Today Kate Saunderson, a user researcher with the Scottish Government and former social digital lecturer, returned to DJCAD to talk about the importance and benefits of user centred research in designing new technology-based public services. The lecture began with a surprise timed challenge: to work in pairs to devise a series of questions to determine the user experience of applying for university and the problems the process presented. As the other project I seriously considered undertaking for fourth year was centered on supporting mature students through applying for and settling into university, I immediately suggested to my partner, a stranger from another discipline, that we should ask participants how old they were when they applied for university, and discovered that he too was a mature student at the time of application. His current degree is his second, so he was able to describe a difference in the experience of applying at eighteen and twenty-eight.
We were the first pair to volunteer our questions, and Kate commented that it is good to consider what in might be termed non-traditional users (in this context, the UCAS system is primarily used by school leavers). However, one of the reasons I had decided not to design for mature students was because I was part of the intended user base and did not want my own experiences to bias my research and subsequent design work. The second part of the exercise then involved each pair interviewing each other, and I quickly discovered that he had encountered some of the same issues I had in applying when he applied as a mature student, as well as some that were unique to his situation of applying for an undergraduate degree several years after graduating with an undergraduate degree.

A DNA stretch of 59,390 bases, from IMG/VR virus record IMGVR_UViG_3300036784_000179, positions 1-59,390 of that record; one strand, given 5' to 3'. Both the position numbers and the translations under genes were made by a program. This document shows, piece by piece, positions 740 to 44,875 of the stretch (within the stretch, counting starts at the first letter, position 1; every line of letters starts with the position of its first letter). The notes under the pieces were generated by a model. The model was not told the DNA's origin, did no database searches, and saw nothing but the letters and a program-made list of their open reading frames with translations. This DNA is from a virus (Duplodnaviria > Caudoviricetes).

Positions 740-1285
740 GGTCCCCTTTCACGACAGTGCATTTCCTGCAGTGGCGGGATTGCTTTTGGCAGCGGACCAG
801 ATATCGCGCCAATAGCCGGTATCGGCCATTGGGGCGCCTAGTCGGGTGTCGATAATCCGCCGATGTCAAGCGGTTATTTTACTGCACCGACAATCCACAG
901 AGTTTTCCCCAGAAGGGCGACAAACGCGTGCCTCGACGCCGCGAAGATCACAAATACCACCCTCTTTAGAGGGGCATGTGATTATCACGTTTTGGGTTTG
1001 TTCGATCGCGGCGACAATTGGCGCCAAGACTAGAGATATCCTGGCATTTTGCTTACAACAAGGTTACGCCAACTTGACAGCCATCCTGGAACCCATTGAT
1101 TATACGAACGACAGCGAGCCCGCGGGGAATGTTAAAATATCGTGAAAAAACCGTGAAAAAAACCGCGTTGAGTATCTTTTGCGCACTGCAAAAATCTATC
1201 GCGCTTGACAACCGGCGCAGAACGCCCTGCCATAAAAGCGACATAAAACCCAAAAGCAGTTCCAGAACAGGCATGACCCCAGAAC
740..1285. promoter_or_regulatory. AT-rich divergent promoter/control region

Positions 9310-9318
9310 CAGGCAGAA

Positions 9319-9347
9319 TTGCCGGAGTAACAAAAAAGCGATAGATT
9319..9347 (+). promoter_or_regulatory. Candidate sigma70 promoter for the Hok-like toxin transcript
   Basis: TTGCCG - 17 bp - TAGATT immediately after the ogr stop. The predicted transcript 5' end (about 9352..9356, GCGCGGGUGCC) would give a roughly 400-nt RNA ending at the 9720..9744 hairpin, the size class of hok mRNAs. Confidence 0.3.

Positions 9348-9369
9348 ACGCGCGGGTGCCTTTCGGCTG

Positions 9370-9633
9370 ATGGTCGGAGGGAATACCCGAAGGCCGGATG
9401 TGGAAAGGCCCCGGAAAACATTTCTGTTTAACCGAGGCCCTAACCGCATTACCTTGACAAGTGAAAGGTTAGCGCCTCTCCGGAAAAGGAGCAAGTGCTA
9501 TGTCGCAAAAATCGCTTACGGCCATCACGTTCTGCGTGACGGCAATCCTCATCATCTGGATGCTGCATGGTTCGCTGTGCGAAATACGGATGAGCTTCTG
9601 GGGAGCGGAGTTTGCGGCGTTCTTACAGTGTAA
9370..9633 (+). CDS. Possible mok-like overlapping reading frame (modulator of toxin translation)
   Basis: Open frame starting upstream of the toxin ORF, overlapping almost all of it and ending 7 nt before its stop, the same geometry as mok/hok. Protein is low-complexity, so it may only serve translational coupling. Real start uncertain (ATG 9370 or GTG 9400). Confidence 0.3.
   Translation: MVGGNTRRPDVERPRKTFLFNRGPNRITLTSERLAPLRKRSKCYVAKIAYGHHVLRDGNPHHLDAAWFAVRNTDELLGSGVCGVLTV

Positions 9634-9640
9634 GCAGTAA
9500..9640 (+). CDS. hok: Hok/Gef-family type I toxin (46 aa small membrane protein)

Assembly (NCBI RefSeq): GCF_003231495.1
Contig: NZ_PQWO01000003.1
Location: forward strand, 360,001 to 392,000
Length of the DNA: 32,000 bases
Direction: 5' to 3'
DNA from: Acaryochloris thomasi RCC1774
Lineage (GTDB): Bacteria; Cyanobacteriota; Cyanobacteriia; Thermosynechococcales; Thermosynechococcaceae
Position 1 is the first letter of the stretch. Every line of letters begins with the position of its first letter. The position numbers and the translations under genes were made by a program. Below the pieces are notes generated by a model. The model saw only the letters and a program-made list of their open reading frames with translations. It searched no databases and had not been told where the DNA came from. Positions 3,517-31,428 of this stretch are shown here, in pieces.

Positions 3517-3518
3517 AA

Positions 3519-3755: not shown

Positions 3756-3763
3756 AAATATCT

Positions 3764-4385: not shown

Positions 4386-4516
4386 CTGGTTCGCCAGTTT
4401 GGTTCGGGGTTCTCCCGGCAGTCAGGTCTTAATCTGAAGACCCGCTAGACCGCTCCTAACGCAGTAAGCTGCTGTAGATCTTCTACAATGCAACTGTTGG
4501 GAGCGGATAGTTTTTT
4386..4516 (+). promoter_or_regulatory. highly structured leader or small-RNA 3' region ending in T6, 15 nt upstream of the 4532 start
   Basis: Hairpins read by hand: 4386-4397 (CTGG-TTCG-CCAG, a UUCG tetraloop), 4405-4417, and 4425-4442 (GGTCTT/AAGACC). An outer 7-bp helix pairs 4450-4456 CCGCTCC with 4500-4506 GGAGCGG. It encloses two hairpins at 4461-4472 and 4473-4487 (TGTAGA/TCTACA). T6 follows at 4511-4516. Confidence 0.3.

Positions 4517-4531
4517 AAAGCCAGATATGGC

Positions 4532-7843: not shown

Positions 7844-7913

I learned three things from this session. One: I can conduct research with a user group of which I am part without either focussing on experiences which match my own at the expense of those which do not, or disregarding my own potentially shared experiences in favour of focussing on those which are unknown to me; however I would need to be aware of my potential biases in the first place to have a chance at guarding against them, and I would need to trust colleagues to challenge me even more on such a project than on any other. Two: one of the other reasons I chose not to work on the project for mature students is because I would want not just to prototype it but actually build and launch it. While I am enjoying working on visually impaired gaming – and in fact have plans to continue working on it beyond the degree show – I also need to return the research I began in the summer between second and third year regarding how mature students could be better assisted in their applications and studies, and design a solution. Three: Kate has an amazing job, speaking to people about their experiences, analysing their stories, then working together with colleagues first to generate concepts and then to create services which will be of benefit to specific groups within the community, improving society a little more each time.
I want to do that too.